Burgers and Fried Chicken Sandwiches Meet French-Ethiopian Fine Dining at Mélange

Chef Elias Taddesse brings a Michelin-starred resume to a new Mount Vernon Triangle restaurant

Mélange chef/owner Elias Taddesse. Photograph courtesy Edens.

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Chef Elias Taddesse spent most of his career in the rarified world of fine-dining. Over the last few years, though, he’s gone the opposite route—a burger pop-up. His new restaurant, Mélange, melds high and low brow. The Mount Vernon Triangle spot opens Friday, September 4 with burgers and fried chicken sandwiches to-go. Down the line, Taddesse plans to offer a tasting menu that combines his French culinary training with his Ethiopian heritage.

Taddesse was raised in  in Addis Ababa, Ethiopia and Minneapolis. He studied at the Institut Paul Bocuse in France, and worked for Michelin-starred restaurants in New York, including as executive chef of Caviar Russe. Eventually, though, he wanted to run his own business and “needed to find my own identity as a chef.” So he returned to Ethiopia, where he consulted for hotels and resorts as he tried to figure out what his own restaurant might look like. A burger competition with a friend provided the answer.

“I ended up really just destroying him, and then I figured I found the formula for a concept,” Taddesse says.

Taddesse ultimately ended up returning to DC, where in 2016, he started a burger pop-up called Salt N’ Pepper with Harvey’s Market butcher shop in Union Market. The pop-up then moved to Wet Dog Tavern near the U Street corridor. Now, Taddesse has partnered with developer Edens to be the first in a new program called Catalyst, which helps first-time restaurateurs test their concepts in otherwise vacant spaces.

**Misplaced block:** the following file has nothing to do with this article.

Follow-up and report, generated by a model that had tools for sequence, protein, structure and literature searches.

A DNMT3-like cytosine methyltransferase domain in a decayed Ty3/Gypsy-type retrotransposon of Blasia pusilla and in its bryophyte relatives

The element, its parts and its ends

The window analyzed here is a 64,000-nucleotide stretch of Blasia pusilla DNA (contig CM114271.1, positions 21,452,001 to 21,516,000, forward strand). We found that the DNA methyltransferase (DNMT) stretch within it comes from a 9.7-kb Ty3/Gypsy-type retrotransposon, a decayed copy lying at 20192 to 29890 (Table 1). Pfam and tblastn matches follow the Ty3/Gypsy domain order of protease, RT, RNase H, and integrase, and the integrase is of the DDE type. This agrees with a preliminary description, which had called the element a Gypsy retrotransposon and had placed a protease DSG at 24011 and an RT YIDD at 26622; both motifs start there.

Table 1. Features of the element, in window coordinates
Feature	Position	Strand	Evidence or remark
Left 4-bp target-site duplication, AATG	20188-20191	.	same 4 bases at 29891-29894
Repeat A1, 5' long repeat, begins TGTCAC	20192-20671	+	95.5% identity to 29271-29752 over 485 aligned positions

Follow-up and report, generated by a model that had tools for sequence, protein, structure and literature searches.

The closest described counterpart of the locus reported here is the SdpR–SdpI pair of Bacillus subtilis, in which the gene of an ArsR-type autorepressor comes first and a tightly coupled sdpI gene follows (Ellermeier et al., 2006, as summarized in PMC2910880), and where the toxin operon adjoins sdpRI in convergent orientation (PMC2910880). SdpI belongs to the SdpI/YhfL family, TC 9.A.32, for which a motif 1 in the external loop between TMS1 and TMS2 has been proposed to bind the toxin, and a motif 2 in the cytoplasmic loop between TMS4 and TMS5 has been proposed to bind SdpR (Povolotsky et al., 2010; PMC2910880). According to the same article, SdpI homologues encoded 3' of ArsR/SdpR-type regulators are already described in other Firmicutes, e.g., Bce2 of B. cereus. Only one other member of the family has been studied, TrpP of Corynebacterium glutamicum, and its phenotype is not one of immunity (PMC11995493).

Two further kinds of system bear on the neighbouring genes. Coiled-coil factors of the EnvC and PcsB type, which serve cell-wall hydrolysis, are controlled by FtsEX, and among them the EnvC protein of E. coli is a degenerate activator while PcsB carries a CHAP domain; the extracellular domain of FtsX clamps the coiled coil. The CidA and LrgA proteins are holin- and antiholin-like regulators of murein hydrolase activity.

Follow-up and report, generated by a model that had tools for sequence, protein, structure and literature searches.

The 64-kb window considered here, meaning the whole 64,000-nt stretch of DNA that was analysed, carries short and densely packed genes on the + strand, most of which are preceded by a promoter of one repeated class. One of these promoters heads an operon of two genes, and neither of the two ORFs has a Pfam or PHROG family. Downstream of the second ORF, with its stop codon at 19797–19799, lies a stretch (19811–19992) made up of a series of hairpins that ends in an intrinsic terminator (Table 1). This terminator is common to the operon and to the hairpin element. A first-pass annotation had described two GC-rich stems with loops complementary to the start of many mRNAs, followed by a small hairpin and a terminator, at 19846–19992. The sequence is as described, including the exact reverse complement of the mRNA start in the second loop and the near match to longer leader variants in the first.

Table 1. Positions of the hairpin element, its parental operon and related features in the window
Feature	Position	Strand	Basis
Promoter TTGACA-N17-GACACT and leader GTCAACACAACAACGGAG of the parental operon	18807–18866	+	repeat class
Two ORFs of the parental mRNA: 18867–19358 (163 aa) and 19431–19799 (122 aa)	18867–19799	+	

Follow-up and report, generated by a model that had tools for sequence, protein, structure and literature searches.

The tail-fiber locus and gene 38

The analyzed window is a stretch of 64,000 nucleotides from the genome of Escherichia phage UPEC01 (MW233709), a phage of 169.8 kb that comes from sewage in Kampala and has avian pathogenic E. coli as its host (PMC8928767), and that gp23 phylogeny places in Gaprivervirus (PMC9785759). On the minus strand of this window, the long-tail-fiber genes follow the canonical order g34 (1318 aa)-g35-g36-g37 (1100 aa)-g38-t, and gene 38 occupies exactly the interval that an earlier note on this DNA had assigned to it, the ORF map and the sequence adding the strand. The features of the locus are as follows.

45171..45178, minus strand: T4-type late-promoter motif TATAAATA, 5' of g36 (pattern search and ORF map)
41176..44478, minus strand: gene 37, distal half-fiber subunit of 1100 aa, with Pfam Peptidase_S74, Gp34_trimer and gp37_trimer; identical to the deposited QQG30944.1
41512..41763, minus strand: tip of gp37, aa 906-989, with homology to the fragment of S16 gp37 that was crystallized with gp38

Mélange will be open for takeout and delivery to start. (Order online here.) One of the main attractions is, of course, the burger. Taddesse doesn’t just slap together any old patty. His blend of dry-aged Roseda beef has been carefully calculated based on how the fat of different cuts render, and the textures of various muscle fibers. Mélange’s “classic” burger comes with the standard tomato, iceberg lettuce, and American cheese but gets upgraded with brown butter aioli and pickled red onion. Another signature: “the Italian” with smoked mozzarella, tomato confit, and spicy basil aioli.

A vegan burger combines together all the components of an Ethiopian vegetable platter: a lentil-beet patty, confit swiss chard, timatim salata (a salad of diced tomatoes, onions, and peppers), and spicy lentil spread on a rosemary ciabatta roll, which is meant to recall the rosemary often used in beef tibs.

Mélange’s fried chicken sandwich is a play off Ethiopia’s national dish, doro wat. Photograph courtesy Edens.

The menu also includes a couple fried chicken sandwiches, most notably “The National,” a take on Ethiopia’s national dish, doro wat. Taddesse uses Ethiopian spices for the dry rub and marinade, then coats the fried chicken in a spicy chicken stew glaze. It’s served with a turmeric slaw, a kibbeh (spiced butter) aioli, and a choice of a hard boiled or runny egg.

At some point—when depends on what happens with Covid—Taddesse also plans to offer an East-African inspired cocktail menu at the bar as well as a tasting menu serving “contemporary French with Ethiopian flavors.” (Think berbere-cured himachi with avocado and banana leaf puree.)

“I’m not trying to reinvent the wheel or anything,” he says. “I’m just using the techniques that I’ve learned and then incorporating our flavors into it.”

Mélange. 449 K St., NW. 202-289-5471. 

Jessica Sidman
Food Editor

Jessica Sidman covers the people and trends behind D.C.’s food and drink scene. Before joining Washingtonian in July 2016, she was Food Editor and Young & Hungry columnist at Washington City Paper. She is a Colorado native and University of Pennsylvania grad.